Localism Bill

Memorandum submitted by the Norfolk Association of Local Councils (L 69)

Introduction

1. The Norfolk Association of Local Councils represents over 400 parish and town councils in Norfolk (and their 4,000 local councillors and thereby their electors), and is committed to making this first tier of local government more effective, more democratic and better able to take a leadership role in local communities. However, it is unable to represent the urban areas within Norfolk, as they have no parish councils. It is a member body of the National Association of Local Councils.

Summary

2. The Association welcomes the introduction of the Bill but fears that, as there are no firm structures defined, the take-up will be slow, perhaps at the wrong level and potentially by possibly undemocratic organisations that will not sustain themselves in the long term.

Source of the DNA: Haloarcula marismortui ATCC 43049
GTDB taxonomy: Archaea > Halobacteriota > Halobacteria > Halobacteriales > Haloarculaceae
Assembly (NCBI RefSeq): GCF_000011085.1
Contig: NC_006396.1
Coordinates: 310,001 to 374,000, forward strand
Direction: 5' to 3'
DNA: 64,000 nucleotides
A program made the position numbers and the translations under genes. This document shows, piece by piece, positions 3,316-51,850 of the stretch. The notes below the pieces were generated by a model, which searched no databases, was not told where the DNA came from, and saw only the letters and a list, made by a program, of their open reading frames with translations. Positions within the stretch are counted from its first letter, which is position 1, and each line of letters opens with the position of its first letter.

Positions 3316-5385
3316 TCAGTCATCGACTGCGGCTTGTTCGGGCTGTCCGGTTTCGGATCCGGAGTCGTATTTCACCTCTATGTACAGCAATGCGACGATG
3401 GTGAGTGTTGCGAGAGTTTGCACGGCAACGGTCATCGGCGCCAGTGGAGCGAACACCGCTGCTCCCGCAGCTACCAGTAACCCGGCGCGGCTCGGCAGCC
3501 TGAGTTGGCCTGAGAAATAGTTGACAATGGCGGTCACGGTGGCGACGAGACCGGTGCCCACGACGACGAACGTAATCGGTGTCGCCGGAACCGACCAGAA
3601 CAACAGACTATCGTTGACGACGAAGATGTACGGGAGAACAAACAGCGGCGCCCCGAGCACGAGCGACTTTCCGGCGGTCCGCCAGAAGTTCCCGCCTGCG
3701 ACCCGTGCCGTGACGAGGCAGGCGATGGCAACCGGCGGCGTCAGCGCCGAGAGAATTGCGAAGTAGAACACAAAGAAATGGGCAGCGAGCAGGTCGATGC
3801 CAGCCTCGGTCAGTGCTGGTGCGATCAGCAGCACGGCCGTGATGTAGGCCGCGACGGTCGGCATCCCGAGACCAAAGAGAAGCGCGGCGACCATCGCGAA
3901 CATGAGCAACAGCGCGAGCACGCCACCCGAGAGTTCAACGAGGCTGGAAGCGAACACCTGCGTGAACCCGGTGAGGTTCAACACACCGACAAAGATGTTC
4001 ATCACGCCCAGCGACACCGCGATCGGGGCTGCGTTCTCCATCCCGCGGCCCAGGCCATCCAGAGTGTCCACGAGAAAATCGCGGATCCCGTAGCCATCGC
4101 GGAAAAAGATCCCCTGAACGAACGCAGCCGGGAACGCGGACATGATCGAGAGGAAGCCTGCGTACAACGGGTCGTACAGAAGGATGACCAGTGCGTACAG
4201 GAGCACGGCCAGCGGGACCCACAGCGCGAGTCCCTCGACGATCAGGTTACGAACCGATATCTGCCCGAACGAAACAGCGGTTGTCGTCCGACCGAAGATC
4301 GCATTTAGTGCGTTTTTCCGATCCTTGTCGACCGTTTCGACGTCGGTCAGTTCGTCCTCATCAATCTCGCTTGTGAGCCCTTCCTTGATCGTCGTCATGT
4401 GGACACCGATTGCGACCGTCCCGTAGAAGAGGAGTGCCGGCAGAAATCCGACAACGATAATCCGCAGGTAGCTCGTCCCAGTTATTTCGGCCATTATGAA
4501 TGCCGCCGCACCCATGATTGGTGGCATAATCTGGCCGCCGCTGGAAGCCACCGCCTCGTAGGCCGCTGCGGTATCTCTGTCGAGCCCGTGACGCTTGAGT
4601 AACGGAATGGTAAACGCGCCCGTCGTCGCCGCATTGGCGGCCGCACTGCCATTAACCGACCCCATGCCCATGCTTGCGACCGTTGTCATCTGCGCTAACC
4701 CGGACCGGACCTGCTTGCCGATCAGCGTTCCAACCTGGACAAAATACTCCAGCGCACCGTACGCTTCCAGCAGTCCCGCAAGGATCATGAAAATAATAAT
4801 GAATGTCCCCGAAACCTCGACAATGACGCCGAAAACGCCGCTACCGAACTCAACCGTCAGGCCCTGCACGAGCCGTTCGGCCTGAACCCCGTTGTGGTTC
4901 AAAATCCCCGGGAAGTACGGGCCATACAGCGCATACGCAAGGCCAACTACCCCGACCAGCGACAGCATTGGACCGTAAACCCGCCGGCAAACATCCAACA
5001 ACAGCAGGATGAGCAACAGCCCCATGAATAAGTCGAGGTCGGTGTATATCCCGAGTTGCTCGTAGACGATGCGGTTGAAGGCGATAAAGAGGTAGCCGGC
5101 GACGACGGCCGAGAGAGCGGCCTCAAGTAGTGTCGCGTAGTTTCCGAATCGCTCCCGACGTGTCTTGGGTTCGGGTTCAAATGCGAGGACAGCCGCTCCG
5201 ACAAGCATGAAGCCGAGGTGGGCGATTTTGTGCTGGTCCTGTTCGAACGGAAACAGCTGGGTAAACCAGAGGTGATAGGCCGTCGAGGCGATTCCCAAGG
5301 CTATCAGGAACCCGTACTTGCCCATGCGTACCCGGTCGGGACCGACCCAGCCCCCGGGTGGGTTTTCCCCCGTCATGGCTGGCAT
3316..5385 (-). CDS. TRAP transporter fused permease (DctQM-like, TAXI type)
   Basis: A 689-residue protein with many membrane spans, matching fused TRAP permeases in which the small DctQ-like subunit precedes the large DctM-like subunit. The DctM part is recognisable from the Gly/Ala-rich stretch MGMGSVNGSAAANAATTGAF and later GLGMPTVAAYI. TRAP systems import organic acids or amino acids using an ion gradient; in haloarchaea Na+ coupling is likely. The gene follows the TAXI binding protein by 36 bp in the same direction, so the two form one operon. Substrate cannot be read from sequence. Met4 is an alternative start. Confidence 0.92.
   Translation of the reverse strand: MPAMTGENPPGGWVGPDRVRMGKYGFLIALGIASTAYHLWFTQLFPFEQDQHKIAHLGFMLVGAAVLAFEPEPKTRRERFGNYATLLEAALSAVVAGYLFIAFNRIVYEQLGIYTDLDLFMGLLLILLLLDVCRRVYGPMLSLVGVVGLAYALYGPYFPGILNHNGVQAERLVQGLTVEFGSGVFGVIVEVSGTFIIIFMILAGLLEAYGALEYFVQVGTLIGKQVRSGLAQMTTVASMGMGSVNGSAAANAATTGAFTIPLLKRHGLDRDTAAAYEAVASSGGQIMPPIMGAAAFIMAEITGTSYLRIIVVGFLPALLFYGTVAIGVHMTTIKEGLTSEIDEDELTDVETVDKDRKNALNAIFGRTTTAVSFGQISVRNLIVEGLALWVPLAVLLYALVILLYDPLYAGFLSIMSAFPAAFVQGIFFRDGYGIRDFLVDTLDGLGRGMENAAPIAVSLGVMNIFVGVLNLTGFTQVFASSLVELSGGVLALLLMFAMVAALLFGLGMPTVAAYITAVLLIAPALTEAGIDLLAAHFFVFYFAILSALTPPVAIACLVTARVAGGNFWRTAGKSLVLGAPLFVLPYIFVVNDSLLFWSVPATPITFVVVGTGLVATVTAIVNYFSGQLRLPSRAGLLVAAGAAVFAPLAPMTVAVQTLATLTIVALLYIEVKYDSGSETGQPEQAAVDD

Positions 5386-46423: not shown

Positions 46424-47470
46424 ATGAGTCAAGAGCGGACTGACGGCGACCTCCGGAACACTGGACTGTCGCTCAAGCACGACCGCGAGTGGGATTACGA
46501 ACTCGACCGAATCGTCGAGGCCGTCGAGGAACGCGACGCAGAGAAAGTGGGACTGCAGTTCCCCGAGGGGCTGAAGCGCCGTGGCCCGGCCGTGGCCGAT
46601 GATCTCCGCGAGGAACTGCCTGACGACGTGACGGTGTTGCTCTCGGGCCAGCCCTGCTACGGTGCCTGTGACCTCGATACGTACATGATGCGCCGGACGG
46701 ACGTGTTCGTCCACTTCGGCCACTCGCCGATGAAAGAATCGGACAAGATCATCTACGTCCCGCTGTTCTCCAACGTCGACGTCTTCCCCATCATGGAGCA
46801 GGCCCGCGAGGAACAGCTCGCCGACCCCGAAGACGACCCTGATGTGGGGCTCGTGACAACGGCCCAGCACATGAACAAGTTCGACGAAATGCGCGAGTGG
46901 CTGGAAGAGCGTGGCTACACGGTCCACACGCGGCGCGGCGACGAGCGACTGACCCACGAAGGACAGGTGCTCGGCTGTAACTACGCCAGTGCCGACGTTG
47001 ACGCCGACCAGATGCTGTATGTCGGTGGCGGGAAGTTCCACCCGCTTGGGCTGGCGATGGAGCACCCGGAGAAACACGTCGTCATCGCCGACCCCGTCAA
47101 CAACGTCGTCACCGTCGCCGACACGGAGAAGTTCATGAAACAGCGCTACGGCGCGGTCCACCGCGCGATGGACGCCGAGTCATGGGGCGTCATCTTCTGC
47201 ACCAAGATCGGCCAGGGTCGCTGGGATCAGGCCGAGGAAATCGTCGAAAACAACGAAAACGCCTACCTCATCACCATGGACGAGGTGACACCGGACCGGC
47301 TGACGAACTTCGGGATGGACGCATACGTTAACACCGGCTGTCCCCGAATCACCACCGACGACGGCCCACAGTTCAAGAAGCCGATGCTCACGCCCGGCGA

3. The Association believes that the current clearly defined legal structure for Parish Councils (which may alternatively be called Community, Neighbourhood, Town or Village Council) and which exist in perpetuity, is the ideal structure for the Neighbourhood Forums mentioned throughout the bill. These powers and duties can be extended – where not covered by the well being power – to cover this new and exciting initiative and in particular should automatically confer the powers to bid, draw up a neighbourhood plan and the community right to build. The existing powers and duties are listed in the Appendix

4. The bill should impose on principal councils (Boroughs, Districts, Unitary and where appropriate County and City) where their area is unparished, a duty, in consultation with the residents, to institute Neighbourhood Councils with the powers and responsibilities that Town and Parish councils already have, including the ability to raise a small amount from the local electorate by way of the precept and that these should replace the neighbourhood forums mooted in the bill and defined further in the changes to the amendments to The Town and Country Planning Act 1990 detailed in Schedule 9 which proposes a membership which is self appointed rather than elected. Having elected Neighbourhood Councils would substantially reduce the local democratic deficit.